10. Data migration, cleansing & setup. Getting the data right can be make or break for a new system. This task can be the biggest part of the project and may be the most critical. Take the opportunity to clean data and improve its accuracy, after all one of the key benefits of an ERP is the information it can provide the business to help advise decision making. If the data is poor and inaccurate today that won’t change tomorrow unless effort is put in to improve it. Think about product codes and bills of material and how they can best be structured to deliver the information the business needs. Start cleaning today and don’t wait till the point of go live. Experience tells us that the point of go live all too often results in taking inaccurate and unclean data across to the new system!

11. Device integration. Where shopfloor, in-vehicle or other devices are to be integrated with the systems then this needs to be implemented and tested, probably in collaboration with device suppliers. For example, scales, environmental sensors, barcode scanners, or RFID trackers are increasingly key sources of efficiency so shouldn’t be an after-thought – device integration should be carefully planned, managed and tested. Are the devices suitable for the environment… think about temperature, humidity, vibration etc.

12. Testing and conference room pilot. By making the vendor run their product through your business processes you can check the system and business practices will fit together and the key staff are ready for change. It’s a great way to get superusers onto the system; it may also be an opportunity to identify additional benefits that weren’t thought of at the beginning … or a last chance to spot unforeseen problems!

13. Implementation/Cutover/Go-live. A ‘big bang’ go live can be complicated and risky; different parts of the new system may be ready at different times; and different phases will deliver different benefits. So there will normally be a progressive adoption of the new system(s) and decommissioning of the old ones. This needs to be thought through and carefully managed.

14. Training and monitoring. Staff will need training and coaching in how to work with new processes, systems and roles. There may be a period of de-snagging and minor amendments. This needs careful monitoring and policing to ensure that employees have clear ways of working and do not adopt bad habits. For many staff this change is daunting and where this means doing their jobs differently it can cause stress and resentment, and when they don’t yet fully understand the new way of working they may blame the system for mistakes or processes that are taking longer due to the unfamiliarity.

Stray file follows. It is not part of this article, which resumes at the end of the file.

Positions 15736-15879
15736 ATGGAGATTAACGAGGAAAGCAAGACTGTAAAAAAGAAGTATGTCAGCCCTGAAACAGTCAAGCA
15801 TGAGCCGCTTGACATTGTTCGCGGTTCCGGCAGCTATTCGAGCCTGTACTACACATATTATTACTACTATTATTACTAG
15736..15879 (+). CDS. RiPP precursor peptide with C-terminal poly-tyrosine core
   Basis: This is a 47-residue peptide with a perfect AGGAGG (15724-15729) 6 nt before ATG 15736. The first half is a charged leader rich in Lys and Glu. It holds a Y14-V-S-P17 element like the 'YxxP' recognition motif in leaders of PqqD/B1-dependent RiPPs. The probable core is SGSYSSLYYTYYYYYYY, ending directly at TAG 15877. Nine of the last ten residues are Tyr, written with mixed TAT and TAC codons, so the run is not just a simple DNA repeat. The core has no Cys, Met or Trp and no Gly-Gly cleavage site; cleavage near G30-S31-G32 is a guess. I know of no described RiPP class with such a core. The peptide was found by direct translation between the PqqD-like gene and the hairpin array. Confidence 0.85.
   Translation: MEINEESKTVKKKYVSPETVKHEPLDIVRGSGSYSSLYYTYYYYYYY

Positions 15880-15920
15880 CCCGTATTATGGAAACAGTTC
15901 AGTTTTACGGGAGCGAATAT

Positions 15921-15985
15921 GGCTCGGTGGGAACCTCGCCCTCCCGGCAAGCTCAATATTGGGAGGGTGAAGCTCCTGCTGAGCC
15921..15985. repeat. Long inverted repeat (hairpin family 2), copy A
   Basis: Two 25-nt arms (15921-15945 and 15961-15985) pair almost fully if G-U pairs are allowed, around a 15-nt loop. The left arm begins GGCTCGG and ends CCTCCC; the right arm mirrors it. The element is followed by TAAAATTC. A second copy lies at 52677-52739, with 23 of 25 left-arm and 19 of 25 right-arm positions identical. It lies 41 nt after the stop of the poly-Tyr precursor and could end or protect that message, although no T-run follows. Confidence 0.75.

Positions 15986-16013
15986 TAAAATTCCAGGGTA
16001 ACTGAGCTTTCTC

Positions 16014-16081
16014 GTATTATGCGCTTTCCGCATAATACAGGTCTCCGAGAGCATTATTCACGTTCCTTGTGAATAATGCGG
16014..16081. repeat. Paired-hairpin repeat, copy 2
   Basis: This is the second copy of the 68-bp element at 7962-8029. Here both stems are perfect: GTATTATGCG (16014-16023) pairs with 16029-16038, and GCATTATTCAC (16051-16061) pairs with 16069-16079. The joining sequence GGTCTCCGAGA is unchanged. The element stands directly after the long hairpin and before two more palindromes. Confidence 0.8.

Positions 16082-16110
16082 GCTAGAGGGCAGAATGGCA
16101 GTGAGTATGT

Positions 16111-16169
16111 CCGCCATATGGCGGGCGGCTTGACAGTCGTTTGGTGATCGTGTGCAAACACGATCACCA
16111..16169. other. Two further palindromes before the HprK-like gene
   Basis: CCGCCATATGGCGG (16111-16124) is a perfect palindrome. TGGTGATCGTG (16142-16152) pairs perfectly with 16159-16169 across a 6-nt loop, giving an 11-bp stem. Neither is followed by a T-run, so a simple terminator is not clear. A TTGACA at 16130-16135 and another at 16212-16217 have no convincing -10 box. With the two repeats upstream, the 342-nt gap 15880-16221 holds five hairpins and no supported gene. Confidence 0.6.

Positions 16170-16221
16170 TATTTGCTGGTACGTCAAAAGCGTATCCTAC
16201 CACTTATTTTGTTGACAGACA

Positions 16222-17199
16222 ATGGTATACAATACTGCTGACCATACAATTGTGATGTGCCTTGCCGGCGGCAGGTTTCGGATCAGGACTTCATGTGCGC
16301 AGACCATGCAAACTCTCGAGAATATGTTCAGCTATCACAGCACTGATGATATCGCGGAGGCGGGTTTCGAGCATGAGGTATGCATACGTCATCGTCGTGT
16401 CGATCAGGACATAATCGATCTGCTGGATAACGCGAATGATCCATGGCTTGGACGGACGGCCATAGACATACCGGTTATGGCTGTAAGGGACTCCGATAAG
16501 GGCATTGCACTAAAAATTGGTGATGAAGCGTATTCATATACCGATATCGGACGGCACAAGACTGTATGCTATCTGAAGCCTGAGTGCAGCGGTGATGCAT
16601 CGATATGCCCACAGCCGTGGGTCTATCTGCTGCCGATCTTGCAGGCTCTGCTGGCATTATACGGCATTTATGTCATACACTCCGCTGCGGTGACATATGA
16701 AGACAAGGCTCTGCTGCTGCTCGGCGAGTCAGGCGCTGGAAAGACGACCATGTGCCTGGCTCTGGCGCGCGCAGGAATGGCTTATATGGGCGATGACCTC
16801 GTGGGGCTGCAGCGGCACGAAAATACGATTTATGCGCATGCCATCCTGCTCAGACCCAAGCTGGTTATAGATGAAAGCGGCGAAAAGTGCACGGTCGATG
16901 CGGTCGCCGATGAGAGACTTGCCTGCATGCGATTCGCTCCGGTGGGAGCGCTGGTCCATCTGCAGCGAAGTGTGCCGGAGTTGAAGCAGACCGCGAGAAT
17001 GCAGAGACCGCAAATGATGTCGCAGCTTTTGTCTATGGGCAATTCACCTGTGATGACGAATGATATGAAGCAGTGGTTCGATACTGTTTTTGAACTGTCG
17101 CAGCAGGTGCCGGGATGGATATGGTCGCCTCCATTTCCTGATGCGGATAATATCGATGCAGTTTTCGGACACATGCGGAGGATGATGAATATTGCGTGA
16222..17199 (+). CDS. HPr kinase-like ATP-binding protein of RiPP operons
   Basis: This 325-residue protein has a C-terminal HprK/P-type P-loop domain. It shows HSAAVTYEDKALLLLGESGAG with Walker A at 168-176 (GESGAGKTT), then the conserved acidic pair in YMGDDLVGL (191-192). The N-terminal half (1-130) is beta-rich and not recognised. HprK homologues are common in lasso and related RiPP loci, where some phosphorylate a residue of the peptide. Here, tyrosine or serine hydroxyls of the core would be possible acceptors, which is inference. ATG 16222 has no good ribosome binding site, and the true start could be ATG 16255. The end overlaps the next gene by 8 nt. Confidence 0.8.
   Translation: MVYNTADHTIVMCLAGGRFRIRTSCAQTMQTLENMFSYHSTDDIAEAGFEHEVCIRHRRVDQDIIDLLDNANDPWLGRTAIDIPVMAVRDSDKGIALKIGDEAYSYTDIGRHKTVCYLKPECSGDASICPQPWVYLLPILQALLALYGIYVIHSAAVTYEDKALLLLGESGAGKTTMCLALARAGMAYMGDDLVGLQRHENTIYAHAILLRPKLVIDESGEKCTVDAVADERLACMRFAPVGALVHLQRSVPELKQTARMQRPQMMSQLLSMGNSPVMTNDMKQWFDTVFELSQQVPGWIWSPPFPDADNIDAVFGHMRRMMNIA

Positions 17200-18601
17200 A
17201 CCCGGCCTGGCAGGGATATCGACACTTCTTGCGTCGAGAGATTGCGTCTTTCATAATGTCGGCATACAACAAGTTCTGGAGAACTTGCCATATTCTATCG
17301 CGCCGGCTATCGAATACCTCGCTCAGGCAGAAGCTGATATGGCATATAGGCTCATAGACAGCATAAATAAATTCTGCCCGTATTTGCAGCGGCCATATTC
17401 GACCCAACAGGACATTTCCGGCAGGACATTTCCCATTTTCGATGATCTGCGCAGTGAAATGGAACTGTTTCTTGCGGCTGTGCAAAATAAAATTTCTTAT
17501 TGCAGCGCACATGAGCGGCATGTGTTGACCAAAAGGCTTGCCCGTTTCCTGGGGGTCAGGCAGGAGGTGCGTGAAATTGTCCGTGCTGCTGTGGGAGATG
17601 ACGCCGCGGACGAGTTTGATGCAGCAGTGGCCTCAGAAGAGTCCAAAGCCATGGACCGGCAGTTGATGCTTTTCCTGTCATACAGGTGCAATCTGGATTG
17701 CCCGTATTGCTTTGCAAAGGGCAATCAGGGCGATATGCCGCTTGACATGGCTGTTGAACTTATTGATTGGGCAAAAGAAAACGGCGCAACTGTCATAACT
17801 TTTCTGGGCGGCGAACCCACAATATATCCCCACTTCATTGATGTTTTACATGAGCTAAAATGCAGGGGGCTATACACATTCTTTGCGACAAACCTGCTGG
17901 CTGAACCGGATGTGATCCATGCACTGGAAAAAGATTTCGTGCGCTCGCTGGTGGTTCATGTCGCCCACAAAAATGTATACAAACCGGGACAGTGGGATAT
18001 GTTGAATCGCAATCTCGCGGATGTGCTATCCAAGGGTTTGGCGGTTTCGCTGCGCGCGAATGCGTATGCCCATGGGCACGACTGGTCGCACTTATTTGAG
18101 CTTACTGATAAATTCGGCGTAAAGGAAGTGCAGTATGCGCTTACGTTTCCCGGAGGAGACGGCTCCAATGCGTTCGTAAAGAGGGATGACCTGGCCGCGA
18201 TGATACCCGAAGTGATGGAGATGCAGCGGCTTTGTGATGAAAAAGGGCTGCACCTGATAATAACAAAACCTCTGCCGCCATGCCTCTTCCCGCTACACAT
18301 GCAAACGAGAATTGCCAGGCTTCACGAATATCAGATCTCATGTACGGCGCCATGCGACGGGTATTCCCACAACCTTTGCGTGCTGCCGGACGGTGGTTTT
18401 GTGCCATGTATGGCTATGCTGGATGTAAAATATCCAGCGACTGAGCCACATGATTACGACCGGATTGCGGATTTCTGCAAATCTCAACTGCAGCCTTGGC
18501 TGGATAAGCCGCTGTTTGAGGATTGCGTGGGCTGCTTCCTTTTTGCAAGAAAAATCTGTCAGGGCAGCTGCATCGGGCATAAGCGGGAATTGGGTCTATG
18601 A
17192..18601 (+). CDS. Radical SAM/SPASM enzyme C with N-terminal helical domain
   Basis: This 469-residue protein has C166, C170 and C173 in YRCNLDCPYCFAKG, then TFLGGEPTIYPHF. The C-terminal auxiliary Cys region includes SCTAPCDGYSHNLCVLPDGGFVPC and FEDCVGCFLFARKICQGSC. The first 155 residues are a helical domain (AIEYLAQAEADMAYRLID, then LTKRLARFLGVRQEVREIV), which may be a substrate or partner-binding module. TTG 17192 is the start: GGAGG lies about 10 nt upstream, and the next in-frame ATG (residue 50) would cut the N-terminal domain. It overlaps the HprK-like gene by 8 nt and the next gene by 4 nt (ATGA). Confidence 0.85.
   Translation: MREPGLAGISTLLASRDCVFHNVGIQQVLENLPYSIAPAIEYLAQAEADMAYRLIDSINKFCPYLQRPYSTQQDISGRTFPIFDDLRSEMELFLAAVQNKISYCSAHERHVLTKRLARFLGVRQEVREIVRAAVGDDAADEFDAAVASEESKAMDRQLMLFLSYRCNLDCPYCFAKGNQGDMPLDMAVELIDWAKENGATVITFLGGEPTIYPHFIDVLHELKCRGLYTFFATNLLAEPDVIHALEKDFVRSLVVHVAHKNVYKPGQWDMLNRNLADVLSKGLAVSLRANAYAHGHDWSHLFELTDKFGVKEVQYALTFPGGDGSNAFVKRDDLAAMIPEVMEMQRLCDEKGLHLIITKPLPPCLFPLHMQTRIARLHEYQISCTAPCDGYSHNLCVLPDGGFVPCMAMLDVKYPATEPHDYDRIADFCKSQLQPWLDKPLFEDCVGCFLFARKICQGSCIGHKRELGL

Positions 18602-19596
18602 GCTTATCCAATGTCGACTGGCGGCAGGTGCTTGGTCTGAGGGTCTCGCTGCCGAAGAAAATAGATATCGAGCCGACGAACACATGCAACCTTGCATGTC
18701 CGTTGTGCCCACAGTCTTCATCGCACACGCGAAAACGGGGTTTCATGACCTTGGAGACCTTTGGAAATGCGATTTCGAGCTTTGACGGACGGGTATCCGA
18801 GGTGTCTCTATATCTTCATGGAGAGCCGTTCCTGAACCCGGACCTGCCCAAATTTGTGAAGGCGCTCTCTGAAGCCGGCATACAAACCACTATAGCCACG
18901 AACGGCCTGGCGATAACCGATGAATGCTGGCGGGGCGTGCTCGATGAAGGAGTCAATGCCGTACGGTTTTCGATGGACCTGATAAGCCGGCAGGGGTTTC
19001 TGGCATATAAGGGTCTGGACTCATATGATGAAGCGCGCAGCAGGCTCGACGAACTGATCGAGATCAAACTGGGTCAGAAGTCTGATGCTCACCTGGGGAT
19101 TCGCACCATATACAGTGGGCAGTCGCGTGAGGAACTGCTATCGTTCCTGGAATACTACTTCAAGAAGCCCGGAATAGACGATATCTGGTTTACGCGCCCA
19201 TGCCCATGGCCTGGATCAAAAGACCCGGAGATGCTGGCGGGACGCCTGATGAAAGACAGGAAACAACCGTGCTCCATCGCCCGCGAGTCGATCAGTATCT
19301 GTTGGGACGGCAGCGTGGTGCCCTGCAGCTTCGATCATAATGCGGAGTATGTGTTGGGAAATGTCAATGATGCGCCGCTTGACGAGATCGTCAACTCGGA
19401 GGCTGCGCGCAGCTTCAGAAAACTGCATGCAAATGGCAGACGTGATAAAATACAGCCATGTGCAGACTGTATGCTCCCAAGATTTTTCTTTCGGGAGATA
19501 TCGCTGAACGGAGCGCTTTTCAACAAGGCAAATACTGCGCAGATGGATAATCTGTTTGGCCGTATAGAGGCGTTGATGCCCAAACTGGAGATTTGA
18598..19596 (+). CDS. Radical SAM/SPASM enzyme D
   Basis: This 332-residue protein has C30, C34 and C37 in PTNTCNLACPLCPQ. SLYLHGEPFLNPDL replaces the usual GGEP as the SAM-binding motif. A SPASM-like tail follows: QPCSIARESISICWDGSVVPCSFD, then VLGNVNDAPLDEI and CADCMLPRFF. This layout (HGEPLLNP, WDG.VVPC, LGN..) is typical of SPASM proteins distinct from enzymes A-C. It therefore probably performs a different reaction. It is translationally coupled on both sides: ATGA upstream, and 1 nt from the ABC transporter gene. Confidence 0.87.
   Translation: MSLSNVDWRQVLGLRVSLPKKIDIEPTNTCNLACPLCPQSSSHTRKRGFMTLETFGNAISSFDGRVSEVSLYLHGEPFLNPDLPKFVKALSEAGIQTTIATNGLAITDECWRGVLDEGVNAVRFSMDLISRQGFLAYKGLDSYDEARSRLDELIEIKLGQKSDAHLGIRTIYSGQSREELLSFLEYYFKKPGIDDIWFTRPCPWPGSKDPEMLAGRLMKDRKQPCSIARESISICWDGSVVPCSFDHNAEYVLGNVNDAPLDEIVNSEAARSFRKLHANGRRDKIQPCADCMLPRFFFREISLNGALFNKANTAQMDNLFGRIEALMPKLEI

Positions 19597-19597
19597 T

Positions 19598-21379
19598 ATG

15. Review and ongoing ownership. The project owners need to ensure the original business objectives and cost benefits materialise. But this is the moment when the new system becomes “legacy” so it’s critical than ongoing ownership is clear. Ongoing monitoring must be part of the routine and new issues must be addressed quickly and without a fuss. There needs to be an annual budget for vendor support, for training of new staff, for fixes, and for amendments so the system continues to remain aligned as working practices and products change (as they inevitably will).

All too often we see lack of focus on these key points and, as a result, the projects can become bogged down and overrun both costs and timescales. Eventually there is a dash to finish… the original vision gets relegated and the aim becomes to “just get it done”!

But the benefits delivered by new ERP systems can be transformational when the project is conducted well. Many of our clients have achieved significant uplift in efficiency and service and find new confidence to grow because their business starts to feel like a platform for scaling up! When system issues are no longer on the agenda the Board have more time to talk about strategy and growth. And effective systems provide data and reports to feed into those strategy and growth conversations.

You may also like to read the additional content on our Manufacturing series:

Manufacturing – Part 3: Getting data right.

Manufacturing – Part 1: The impact of the Internet of Things.

Freeman Clarke is the UK’s largest and most experienced team of IT leaders and we frequently work with manufacturing clients to help them deliver transformational programs of improvement and system efficiency. We are entirely independent of any technology or suppliers.

We work exclusively with ambitious organisations and we frequently help our clients use IT to beat their competition. Contact Us and we’ll be in touch for an informal conversation.

 

Manufacturing – Part 1: The Impact of the Internet of Things

The impact of the Internet of Things on manufacturing is often talked about, but as ever, IT companies like to baffle the market with new buzzwords and to spread fear and uncertainty!

We read about the Industrial Internet, Industry 4.0 and smart factories. What’s really going on?

In simple terms this is all about using technology on the production line that incorporates sensors and controllers to make the production activity more visible, smarter and controlled in real-time.

More visibility means your own staff can deal with customer requirements more accurately, manage stocks, ordering and production to minimise costs, maximise output and quality.